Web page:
MayanI had the opportunity to mark something off my Bucket List: visit Mayan ruins. Our island tour guides took us to Xunantunich. The Mayans civilization is well-known for its art, architecture, as well as mathematical and astronomical systems. One of the things I’ve long been fascinated with is the disappearance of the Maya. There are tons of theories; I suspect aliens. The site was a twenty minute boat ride and an almost three-hour car drive from the island, but so worth it to visit a site so rich in history.

ZiplineI also forced myself past my fear to go zip lining through the tree tops of the Belize rainforest. A series of ladders and stairs took us well over fifty feet up before the guide attached us to a wire and told us to jump off the platform. After a slight pause and some strong self talk, I went for it. Exhilarating!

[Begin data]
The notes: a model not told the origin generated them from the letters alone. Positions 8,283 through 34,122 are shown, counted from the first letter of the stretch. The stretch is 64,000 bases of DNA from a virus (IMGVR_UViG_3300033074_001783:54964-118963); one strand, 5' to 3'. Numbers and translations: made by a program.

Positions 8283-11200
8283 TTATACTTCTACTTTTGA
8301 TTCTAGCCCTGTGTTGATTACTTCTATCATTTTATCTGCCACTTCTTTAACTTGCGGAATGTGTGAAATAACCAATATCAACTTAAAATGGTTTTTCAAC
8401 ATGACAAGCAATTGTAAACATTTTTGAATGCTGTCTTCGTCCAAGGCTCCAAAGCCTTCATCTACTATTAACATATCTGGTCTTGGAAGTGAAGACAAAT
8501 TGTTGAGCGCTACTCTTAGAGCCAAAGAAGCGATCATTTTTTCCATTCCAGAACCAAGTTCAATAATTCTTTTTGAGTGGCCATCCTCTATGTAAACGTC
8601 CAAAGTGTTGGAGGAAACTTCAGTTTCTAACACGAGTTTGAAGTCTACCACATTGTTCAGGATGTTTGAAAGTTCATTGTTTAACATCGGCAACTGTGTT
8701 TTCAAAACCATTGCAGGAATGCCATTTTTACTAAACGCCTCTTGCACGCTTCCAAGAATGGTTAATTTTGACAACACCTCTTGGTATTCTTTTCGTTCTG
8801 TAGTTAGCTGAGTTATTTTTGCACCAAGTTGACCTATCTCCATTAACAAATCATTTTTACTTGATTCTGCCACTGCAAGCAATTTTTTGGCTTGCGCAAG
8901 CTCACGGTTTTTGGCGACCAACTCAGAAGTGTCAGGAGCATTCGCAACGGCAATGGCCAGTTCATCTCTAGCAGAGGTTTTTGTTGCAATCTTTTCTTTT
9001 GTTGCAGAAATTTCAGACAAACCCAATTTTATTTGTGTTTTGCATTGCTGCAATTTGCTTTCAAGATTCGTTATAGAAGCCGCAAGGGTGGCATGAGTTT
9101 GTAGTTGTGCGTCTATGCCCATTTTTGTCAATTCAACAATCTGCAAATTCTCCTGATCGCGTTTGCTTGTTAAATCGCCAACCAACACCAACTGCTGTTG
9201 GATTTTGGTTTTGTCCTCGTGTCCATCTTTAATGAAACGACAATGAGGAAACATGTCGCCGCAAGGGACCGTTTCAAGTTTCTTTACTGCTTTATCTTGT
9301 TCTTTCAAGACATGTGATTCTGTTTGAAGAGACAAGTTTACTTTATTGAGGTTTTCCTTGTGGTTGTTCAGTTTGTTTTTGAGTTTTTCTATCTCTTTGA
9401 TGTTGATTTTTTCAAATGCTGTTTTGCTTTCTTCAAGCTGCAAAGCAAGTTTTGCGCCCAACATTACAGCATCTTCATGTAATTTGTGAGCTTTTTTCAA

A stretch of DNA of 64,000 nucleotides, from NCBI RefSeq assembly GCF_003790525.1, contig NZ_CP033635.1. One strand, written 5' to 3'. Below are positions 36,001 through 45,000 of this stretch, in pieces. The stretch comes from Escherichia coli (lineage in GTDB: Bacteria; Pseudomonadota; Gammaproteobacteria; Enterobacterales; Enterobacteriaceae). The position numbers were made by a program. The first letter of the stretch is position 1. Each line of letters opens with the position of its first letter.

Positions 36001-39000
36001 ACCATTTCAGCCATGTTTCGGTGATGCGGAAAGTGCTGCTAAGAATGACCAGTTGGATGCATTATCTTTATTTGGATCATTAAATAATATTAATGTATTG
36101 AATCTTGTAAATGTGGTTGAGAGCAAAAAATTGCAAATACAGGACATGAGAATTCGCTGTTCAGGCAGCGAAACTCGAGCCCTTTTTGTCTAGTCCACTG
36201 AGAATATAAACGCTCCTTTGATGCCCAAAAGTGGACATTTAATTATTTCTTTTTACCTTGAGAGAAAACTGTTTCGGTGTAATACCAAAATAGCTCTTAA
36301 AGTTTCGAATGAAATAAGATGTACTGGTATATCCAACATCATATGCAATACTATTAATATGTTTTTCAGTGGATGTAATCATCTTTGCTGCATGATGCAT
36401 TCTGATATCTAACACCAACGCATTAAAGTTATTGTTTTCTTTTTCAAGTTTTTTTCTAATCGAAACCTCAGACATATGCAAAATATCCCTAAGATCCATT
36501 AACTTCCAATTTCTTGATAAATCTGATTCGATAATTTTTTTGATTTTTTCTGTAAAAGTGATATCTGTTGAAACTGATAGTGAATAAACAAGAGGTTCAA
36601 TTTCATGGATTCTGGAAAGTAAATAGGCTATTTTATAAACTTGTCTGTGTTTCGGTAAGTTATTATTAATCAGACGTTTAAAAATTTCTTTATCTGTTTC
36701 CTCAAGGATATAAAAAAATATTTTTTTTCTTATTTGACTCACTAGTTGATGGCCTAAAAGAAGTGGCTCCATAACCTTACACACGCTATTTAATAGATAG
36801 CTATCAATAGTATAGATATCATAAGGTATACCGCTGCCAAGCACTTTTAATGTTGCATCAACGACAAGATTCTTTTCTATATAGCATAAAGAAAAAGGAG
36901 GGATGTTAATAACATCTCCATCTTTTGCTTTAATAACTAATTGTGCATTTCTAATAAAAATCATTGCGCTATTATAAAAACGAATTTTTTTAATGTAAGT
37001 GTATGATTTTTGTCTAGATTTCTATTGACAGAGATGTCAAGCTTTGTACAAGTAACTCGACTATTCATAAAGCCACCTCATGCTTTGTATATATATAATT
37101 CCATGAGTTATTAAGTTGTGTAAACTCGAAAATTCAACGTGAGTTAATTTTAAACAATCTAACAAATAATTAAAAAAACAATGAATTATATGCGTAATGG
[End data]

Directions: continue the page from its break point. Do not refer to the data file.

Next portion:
Cave tubing through crystal clear water in ancient limestone caves with nothing but an inner tube and a flashlight put me back in touch with the awe that is mother nature, the most talented artist of all. The cave was rife with stalactites, stalagmites, and rim stone dams. At one point, sunlight poured through a ceiling hole and into a hidden garden. Wish I had a chance to take a picture of it, but was afraid of dropping my camera in the water and ruining my vacay photos. Either way, the beauty of it reminded me of a scene in Edge of Truth.

IMG_6767The thing that taught me the most about myself was snorkeling, but I’m saving that story for a post on another day.

When was the last time you disconnected from cyber space on purpose? How was it? Do you have a fond vacation memory to share? What’s on your Bucket List?